Here I am sitting on my couch at home with the morning light shining through the blinds and listening to the news. On the wall across from me, I can look up at three little paintings that I bought on the weekend. They are the three starter pPokemon from Pokemon Sun. They are taking the place of much more grown-up art, but so much more fun! I haven’t smiled at the needlepoint that was there previously in years, so out it goes!
It is the middle of the week that I thought I was going to be having my mastectomy and I am waiting for a call from the hospital to tell me when to go in for a CT scan. The results of this scan will either confirm the current plan or change it yet again.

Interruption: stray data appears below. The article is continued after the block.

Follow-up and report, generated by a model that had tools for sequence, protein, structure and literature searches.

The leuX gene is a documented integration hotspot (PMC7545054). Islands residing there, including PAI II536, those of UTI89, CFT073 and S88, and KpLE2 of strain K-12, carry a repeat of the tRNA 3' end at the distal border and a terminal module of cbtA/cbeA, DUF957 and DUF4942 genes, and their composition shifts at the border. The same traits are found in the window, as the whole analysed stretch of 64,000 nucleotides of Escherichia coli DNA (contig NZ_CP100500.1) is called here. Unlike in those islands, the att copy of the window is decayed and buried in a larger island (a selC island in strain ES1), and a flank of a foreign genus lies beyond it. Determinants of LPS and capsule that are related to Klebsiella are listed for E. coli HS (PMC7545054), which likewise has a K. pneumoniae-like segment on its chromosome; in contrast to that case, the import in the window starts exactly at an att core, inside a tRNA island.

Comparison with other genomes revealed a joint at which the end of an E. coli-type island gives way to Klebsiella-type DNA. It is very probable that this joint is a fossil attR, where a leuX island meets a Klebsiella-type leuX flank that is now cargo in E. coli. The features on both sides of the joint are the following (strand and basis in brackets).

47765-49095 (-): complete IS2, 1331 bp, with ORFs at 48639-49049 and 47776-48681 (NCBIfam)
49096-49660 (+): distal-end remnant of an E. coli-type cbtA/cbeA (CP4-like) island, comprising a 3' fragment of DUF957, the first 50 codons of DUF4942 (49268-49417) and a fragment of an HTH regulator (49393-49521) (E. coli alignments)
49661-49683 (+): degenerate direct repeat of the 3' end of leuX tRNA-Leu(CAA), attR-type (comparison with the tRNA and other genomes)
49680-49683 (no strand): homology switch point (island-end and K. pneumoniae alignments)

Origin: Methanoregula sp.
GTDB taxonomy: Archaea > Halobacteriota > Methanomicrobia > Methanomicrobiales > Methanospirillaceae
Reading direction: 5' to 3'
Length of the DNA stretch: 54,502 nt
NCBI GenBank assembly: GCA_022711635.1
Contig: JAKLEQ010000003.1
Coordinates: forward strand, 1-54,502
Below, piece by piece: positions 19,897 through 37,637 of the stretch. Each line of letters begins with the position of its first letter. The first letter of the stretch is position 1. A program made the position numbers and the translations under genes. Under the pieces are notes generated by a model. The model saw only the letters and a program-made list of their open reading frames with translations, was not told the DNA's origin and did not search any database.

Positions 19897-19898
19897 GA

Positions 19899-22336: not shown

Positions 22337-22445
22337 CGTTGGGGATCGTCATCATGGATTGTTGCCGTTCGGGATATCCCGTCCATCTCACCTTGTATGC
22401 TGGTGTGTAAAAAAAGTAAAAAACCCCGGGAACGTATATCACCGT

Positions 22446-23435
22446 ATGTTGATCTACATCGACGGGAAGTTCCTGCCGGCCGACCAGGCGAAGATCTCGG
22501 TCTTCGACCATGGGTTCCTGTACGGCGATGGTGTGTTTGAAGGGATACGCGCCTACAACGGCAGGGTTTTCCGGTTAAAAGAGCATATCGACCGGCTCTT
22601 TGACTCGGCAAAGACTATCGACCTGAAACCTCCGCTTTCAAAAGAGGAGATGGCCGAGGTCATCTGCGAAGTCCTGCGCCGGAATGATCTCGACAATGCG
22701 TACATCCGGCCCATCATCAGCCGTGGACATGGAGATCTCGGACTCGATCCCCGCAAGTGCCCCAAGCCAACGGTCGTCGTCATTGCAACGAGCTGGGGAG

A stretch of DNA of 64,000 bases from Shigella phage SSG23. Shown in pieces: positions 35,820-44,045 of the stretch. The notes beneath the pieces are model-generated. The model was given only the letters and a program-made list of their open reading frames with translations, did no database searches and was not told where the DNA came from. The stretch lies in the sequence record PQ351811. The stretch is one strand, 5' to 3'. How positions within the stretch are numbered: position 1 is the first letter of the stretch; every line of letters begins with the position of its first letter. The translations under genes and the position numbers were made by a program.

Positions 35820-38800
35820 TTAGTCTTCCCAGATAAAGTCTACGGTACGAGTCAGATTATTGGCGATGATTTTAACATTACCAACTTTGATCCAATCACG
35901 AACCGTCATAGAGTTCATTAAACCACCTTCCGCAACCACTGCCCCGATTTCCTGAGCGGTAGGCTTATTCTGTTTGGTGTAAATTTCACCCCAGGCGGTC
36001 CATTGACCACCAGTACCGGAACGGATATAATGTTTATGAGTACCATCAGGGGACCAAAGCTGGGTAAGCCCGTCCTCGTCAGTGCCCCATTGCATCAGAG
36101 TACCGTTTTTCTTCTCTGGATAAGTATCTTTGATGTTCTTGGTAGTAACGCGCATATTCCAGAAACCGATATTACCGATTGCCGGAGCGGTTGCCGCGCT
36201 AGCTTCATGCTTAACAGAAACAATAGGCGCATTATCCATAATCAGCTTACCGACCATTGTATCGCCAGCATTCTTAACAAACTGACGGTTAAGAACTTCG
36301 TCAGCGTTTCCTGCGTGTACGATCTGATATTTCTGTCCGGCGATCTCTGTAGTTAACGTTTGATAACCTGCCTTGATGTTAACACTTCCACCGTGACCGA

Apparently, mine is an unusual case. I wonder if they tell everyone that? Because I have a single Metastasis the doctors are scrambling to find the best plan for me. This is great, except it is really hard to have all this uncertainty!
As of today, the plan is to check the CT scan to be sure there is still only the one Metastasis. If there is only one then I will have the Mastectomy next Wednesday. If not, I think we are back to the drawing board. Questions of radiation, surgery to remove the metastasis or stereoscopic radiation on the rib will be dealt with after that.
In case you aren’t following along, I had recently received results from tests and from the tumor board meeting over the phone from a receptionist and was totally confused. I didn’t feel I understood anything from the news as it didn’t mesh with anything I had heard recently. This is not how patients should ever hear information about their health or plans!